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Hymn of the Month: From God Can Nothing Move Me

The Hymn of Month is “From God Can Nothing Move Me” (LSB 713). It is set to the tune VON GOTT WILL ICH NICHT LASSEN. This is probably the most well-known hymn of Ludwig Helmbold, a German philosophy professor and poet of Lutheran hymns. It was written for friends fleeing the 1563 plague in Erfurt to comfort them on their journey. Johann Sebastian Bach used several of Helmbold’s hymn texts in his cantatas, and stanza five of Von Gott Will Ich Nicht Lassen appears in Bach’s O heilges Geist-und Wasserbad (O holy bath of Spirit and Water).

Train Students to Sing Hymns Artfully

 

Hymn of the Month: I Know My Faith Is Founded

The Hymn of the Month is “I Know My Faith Is Founded” (LSB 587). The German text was written by Erdmann Neumeister, who was a pastor, organist, and schoolmaster in the seventeenth and eighteenth centuries. In 1941, the hymn was translated into English by The Lutheran Hymnal.

5 Fun Facts from the new LSB: Companion to the Hymns

Have you ever wanted to know more about the history of the hymns in Lutheran Service Book? Do you ever wonder what the lives of those who wrote our hymns were like? Good news—we have a book for that. Everyone at Concordia Publishing House is incredibly excited to announce the launch of Lutheran Service Book: Companion to the Hymns. This comprehensive hymn companion is rich with compelling facts—many newly discovered through extensive research of original sources in libraries all over the world. We’ve picked our top five for you to check out today.

We Praise You and Acknowledge You, O God: Te Deum Hymn Devotion

This post is an excerpt adapted from Praise & Honor by Timothy J. Shoup.

Imitation in Music

Originality. A quick Google search of the word provides such synonyms as inventiveness, creativity, novelty, newness, individuality, and even the phrase break with tradition. Originality is a quality highly desired in today’s world. Just look at the trendy Instagram posts of fashion and modern art.

Hymns as Poems: What Do They Mean without Music?

I was recently gifted a book of the poetry of George Herbert. Herbert was a seventeenth-century aristocrat-turned-deacon in the Church of England whose English-language poems were published posthumously. Herbert’s almost exclusively Christian poetry is a beautiful expression of faith. Herbert captures the wonder of God’s love for us, the enormity of Christ’s sacrifice on the cross, and the joy of our salvation again and again. In his work, in fact, his poems remind me of our hymnal and the poetic expressions of faith captured therein. Reading his poetry inspired me to think of hymns as poems as well.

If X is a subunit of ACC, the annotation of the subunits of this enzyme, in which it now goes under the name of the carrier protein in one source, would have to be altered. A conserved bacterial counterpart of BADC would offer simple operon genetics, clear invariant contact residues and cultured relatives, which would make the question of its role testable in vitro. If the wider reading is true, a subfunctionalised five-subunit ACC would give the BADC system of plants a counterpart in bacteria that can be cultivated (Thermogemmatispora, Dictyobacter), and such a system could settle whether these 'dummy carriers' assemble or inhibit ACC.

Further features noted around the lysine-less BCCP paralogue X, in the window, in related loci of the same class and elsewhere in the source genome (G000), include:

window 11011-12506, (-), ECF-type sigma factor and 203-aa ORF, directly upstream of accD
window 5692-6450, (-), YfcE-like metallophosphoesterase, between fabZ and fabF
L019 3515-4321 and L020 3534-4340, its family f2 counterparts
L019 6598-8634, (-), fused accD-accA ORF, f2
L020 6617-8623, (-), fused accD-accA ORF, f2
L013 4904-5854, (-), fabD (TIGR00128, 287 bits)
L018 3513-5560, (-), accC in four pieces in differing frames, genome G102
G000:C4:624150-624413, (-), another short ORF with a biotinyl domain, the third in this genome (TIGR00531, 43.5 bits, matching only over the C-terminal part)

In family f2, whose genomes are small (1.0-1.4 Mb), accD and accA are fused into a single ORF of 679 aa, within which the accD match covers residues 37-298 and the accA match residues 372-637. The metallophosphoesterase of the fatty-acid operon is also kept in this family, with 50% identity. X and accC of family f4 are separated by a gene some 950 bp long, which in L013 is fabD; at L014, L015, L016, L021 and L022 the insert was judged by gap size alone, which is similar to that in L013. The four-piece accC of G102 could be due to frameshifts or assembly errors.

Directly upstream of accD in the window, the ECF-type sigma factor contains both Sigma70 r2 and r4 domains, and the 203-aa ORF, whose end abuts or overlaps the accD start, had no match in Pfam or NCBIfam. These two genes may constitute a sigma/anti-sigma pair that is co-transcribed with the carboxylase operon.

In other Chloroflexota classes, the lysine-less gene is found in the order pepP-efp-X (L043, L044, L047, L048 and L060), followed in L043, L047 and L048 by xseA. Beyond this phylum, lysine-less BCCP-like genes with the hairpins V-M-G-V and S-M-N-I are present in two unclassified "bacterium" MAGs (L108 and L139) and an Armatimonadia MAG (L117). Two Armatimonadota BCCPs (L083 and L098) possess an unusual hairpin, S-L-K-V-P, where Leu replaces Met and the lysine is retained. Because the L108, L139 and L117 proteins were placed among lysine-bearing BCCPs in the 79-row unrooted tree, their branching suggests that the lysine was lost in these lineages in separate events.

Hymn of the Month: One Thing’s Needful


Why Certain Hymn Texts Endure

I live right outside Washington, DC, a transient area where a two-year resident is practically a seasoned veteran. This area recalls the constant movement of our culture and the idea that things simply do not last or even last long. In this day of discarding the barely used for the brand new, how do we ensure that our artistic endeavors in the Church last? Specifically, how can our hymn texts survive a rapidly changing culture?

The Praise of God in New Testament Songs and Hymns

This post is adapted from Praising God in Song by Carl Schalk.

The New Testament reflects in various ways both the content and vigor of the worship life of the early Christians. Among the excerpts from creeds, prayers, doxologies, and benedictions to be found in the New Testament are a variety of references to “hymns,” “psalms,” and “odes,” or “songs.” The very variety of terms suggests that no one “hymn form” was used exclusively.